Throwing a dinner party is often framed as an aspirational exercise requiring a certain set of life skills. Especially around holidays, you’re bound to see articles about how to throw a great dinner party, the best foods to serve, the most impressive drinks to concoct, etc. But for those who observe the Jewish Sabbath and whose observance includes regular Shabbat meals with guests, throwing a dinner party is a basic weekly activity — and if you do it as often as my fiance and I do, you can get it down to a science.
He handles most of the cooking, while I handle cleaning duties. We stick with two courses, the first of which is almost always salatim-style dips and salads. He quickly washes the salad plates while I bring out the mains, so we have less to do at the end. We do store- or bakery-bought dessert (or have a guest bring, if we know them to be a strong baker), and tell everyone else to “just bring wine!” And we rely on several essential items that make it all run smoothly…
Things to buy, dinner party edition
- Serving bowls of every imaginable size, from tiny bowls (great for olives) to massive ones (salads) and dishes of various depths and shapes (finding the perfect dish for serving asparagus, like this one, is one of my proudest achievements). Most of them were purchased at HomeGoods, an underrated godsend for cheap dishes.
- A slim water pitcher that can be stashed in the fridge before guests come (no one wants tepid tap water) and isn’t too unwieldy to pass once everyone’s around the table. We use a swing-top one so we can store it sideways in the fridge — since hosting a dinner means the fridge is already pretty packed.
- Disposable bowls and plates for dessert. By that point, no one notices the informality (in fact, it may be appreciated), and it saves you from extra cleanup. These are subtle and don’t scream “backyard barbecue” or “kid’s birthday party.”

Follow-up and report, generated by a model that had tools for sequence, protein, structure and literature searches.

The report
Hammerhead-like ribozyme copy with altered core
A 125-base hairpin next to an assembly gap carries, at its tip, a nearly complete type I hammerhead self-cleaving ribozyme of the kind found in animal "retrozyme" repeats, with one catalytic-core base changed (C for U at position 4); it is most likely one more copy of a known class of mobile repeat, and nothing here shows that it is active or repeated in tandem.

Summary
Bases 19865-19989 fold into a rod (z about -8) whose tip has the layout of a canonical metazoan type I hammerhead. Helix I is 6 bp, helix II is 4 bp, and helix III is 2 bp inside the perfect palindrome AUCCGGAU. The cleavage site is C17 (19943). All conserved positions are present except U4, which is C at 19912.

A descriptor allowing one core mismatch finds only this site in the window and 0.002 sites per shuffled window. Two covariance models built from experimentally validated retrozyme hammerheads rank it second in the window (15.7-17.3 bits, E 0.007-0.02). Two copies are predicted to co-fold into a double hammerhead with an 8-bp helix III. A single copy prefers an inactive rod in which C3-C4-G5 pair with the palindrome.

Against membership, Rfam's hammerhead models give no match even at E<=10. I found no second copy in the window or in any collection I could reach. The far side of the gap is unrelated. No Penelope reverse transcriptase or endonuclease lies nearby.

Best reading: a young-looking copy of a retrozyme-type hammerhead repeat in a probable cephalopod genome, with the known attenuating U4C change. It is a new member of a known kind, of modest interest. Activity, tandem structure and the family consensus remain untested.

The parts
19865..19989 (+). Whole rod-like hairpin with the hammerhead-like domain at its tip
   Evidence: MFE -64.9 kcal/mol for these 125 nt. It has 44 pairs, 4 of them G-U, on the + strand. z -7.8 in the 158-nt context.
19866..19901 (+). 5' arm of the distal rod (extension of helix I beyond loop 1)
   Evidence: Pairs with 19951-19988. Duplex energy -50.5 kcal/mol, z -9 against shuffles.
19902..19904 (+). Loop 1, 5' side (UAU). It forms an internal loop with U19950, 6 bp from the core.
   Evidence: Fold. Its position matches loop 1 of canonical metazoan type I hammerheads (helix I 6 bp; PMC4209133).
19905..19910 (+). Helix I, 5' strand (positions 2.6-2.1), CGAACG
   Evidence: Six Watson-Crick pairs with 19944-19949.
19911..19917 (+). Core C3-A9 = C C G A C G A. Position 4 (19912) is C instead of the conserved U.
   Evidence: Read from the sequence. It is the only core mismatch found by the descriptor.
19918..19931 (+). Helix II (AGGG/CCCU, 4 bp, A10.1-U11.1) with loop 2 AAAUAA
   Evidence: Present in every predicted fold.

- On the other hand, having small cordial-size glasses for amaro or dessert wine at the end of the meal always feels like a special, unexpected treat, and it means our guests often come away having tried something new. Amaro Montenegro is a crowd-pleaser and not hard to find.
Things to know
- One of the products caught in the crosshairs of the Great Plastic Straw Reckoning of 2018 was boba, which generally relies on fat plastic straws for sucking up those chewy tapioca bubbles. One alternative is metal straws, like the version created by Boba Guys. Another might be the Float cup, a forthcoming reusable plastic cup with an inner chamber to keep the tapioca balls afloat and a wide-mouth lid that lets you sip sans straw.
- Shout-out to Bon Appetit’s roundup of restaurant tote bags, which is as thorough as it is insider-y.
- Want to look into a crystal ball and know what cookbook everyone will be buying next year? Peep this, at the end of Elle.com’s new profile on Alison Roman: “Her next book, like Dining In, will focus on meals to impress and delight dates and friends.”
Update, May 29, 11:58 am: Looks like we won’t have to wait long: Alison Roman tweeted out the name and cover of her new cookbook today, and it arrives October 22, 2019.